2. Complete. Complete information contains all of the important facts.
3. Economical. Information should be relatively inexpensive to produce.
4. Flexible. Flexible information can be used for a variety of purposes, not just one.
5. Reliable. Reliable information is dependable information.
6. Relevant. Relevant information is important to the decision-maker.
7. Simple. Information should be simple to find and understand.
8. Timely. Timely information is readily available when needed.
9. Verifiable. Verifiable information can be checked to make sure it is accurate.
We simply cannot make any claims about the data in this study because the authors did not have control of its’ collection. And individual health data in the Medicaid program is almost never collected under research conditions. Therefore, when using it for analytic purposes one has to severely delimit conclusions and rule out alternative hypotheses for one’s findings. Hard to do when you didn’t collect the data.

Pain Patient

Dr. Lewis,

You make excellent points. What sickens me, and should sicken every other pain patient in the USA is that this faulty, poorly planned study, meant purely for sensationalism was on the front page of papers across the country.

What difference does it make that this study was truly worthless. They got their point across, along with some great “sound bites” from anti-opioid doctors about another reason, that these senseless drugs should be further restricted.

I feel that regardless of what we do, what we say, we the propaganda is so strong against us that most of the country considers us abusers and we deserve what we get. I’m sick!!!


I always appreciate Dr. LEwis’s posts. …always enlightening and she is such an asset to the pain community. Thank you Ed, and thank you dr. Lewis.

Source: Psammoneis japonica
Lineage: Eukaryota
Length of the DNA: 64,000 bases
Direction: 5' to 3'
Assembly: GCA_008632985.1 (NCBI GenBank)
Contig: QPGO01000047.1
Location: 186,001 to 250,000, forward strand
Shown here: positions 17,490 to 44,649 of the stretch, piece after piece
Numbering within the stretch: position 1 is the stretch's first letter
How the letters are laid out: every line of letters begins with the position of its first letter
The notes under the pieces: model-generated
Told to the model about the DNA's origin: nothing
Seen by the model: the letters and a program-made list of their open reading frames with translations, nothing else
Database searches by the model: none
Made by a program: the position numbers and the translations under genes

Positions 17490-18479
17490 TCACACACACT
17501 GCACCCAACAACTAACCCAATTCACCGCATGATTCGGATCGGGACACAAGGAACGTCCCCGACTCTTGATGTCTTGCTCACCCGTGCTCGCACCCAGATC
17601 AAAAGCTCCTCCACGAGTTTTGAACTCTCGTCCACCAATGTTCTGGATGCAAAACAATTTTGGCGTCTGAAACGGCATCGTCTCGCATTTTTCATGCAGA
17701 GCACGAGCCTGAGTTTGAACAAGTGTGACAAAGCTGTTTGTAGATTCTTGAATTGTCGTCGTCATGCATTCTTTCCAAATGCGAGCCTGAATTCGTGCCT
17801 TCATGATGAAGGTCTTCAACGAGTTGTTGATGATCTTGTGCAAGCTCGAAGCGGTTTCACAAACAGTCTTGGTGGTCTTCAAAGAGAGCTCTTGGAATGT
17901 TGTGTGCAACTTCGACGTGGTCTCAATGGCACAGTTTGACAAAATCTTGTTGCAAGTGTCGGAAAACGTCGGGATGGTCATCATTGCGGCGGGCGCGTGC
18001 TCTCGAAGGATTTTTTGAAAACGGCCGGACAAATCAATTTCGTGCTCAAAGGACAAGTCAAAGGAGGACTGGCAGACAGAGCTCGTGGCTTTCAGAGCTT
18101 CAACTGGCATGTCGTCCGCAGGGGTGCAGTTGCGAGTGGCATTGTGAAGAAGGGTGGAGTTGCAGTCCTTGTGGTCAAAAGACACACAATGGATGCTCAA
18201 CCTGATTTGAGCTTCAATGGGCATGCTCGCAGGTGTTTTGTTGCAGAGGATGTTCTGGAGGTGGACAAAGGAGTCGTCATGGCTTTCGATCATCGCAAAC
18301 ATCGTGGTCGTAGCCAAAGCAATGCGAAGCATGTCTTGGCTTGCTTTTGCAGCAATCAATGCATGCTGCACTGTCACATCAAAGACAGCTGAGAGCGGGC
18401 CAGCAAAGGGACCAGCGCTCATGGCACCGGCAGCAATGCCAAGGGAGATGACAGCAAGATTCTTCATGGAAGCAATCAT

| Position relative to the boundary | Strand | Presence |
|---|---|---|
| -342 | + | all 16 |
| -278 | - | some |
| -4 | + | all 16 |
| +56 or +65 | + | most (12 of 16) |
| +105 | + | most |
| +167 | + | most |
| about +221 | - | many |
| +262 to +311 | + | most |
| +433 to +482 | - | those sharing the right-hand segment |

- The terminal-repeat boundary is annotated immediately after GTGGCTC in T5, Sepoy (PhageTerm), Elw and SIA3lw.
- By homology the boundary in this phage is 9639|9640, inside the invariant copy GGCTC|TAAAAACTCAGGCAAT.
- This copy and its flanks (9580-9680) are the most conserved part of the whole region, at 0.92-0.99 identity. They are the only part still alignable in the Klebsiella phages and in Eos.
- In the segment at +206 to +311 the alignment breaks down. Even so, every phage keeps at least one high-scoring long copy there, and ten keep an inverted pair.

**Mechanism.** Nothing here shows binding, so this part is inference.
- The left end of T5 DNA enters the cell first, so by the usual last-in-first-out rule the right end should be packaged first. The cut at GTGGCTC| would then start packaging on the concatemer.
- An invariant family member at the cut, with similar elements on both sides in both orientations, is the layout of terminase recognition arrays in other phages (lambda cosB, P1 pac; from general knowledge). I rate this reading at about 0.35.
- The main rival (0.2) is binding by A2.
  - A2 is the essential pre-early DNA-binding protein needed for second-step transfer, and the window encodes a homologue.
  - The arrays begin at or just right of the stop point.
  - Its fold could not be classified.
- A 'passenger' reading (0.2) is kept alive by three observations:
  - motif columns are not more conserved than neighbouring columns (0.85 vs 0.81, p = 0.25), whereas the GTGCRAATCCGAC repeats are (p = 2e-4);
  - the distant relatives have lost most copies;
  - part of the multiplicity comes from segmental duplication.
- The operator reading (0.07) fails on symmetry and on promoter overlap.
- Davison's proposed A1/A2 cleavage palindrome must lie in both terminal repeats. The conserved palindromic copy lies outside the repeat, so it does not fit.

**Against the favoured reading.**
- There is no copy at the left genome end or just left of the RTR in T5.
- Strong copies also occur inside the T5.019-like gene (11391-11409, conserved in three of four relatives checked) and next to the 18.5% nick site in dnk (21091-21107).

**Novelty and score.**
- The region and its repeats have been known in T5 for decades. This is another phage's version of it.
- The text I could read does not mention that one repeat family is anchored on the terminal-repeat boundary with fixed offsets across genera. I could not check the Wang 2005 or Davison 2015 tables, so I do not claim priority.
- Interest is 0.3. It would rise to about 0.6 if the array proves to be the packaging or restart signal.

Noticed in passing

Granny, I’m with you (only my name is Grammy). Let’s make our own poll/study/whatever and use all the people from here and on Facebook and get published here then send it everywhere. I have a good heart (I mean healthy) and have been on opioids for 20 years. Sound good?

Keith Casey

Well, now the flavor of the day is to publish a report claiming heart risk and opiod use. Two years ago it was opiod overdose more than auto accidents, Yada, Yada, Yada, anyone with good sense knows that there is abuse and misuse. However, it is senseless studies such as this that punish those that are in need of medication for chronic pain. Vanderbilt could have just as easily conduct this same study showing that the use of long acting opioid medication saves lives by helping to reduce stress, lower blood pressure, thus helping those who need chronic pain long acting opiod medications. Shame on you Vanderbilt, when one of you staff has chronic pain and suffer the I’ll effects of chronic pain, I seriously doubt that your colleagues prescribed two aspirin.


Kris, great comment!


Hmmmm! I have been taking opioids for approximately 15 years. My next
birthday I will be 80 years old. Maybe I should do a survey and say that taking